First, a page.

Home > Australia’s pork industry embraces the benefits of on-farm biogas energy

Australia’s pork industry embraces the benefits of on-farm biogas energy

Supplier News
article image Dr Rob Wilson, Leader, Pork CRC Program for ‘Carbon conscious nutrient inputs and outputs’

According to Rob Wilson, Leader of CRC for High Integrity Australian Pork (Pork CRC ) - ‘Carbon conscious nutrient inputs and outputs’ Program, biogas energy suits the Australian pork industry because pork manure offers a high yield of biogas. 

Biogas is being used at Australian piggeries for direct heating via hot water, or for combined heat and power, with on-site use and/or grid export of excess power. 

About 8% of Australia’s national pork production is harvesting biogas, with a further 2% under construction and 10% in various stages of planning and development. More than 30% is likely to be using biogas energy by 2020. 

According to Dr Wilson, the most popular biogas systems have been unheated conventional covered lagoons, because of their relatively low cost, simplicity and low operator input requirements.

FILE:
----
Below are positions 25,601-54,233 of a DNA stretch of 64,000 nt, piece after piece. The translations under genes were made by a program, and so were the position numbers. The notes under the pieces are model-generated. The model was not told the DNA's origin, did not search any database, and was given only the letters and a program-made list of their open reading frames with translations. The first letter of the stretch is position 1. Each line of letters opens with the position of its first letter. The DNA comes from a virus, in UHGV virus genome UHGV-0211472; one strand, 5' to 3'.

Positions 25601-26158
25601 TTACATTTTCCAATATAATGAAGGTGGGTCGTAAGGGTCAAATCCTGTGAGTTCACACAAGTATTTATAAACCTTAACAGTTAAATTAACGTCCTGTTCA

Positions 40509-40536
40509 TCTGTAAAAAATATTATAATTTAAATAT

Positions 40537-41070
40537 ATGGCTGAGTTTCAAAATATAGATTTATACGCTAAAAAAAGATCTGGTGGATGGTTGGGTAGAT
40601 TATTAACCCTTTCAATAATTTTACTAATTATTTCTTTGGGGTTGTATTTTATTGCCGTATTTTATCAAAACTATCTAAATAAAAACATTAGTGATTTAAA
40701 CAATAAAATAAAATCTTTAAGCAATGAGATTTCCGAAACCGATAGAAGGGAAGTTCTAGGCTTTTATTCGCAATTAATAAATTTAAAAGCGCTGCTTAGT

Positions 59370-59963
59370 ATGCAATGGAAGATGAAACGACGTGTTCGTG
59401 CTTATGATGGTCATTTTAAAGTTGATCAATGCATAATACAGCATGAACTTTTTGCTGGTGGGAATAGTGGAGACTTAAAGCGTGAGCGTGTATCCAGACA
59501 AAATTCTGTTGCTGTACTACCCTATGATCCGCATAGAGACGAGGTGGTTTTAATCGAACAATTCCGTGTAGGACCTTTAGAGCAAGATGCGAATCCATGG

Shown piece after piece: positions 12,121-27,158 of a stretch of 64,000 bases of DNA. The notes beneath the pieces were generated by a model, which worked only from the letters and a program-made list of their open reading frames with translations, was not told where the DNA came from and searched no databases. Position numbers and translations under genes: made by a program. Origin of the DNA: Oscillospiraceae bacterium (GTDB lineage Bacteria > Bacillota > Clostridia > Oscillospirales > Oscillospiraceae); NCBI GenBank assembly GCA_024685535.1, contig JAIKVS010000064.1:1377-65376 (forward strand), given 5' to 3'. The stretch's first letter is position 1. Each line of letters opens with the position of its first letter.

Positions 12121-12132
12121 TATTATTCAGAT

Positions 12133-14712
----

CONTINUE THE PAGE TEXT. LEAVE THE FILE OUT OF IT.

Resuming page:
To drive biogas uptake at Australian and New Zealand piggeries, Pork CRC funds the Bioenergy Support Program (BSP), led by Dr Stephan Tait at the Advanced Water Management Centre, University of Queensland. 

The BSP promotes biogas energy, supports pork producers with site-based biogas feasibility assessments, provides technical information and resources to streamline adoption based on case study data from demonstration sites, and identifies and promotes targeted research to further benefit the pork industry. 

Adoption of biogas has been shown to be economically feasible at many sites, with a significant positive return on investment over 10 years. 

Dr Wilson said that life cycle assessments of Australian pork supply chains suggested the majority of greenhouse gas emissions for production are methane emissions from effluent treatment and capturing and using biogas on-site could reduce on-farm emissions by as much as 60-80%. These figures suggest the industry goal of on-farm emissions of around 1kg Co2-eq per kg pork produced is achievable and that the Australian pork industry has the potential to have the lowest global warming potential of pork production worldwide.

Newsletter sign-up

The latest products and news delivered to your inbox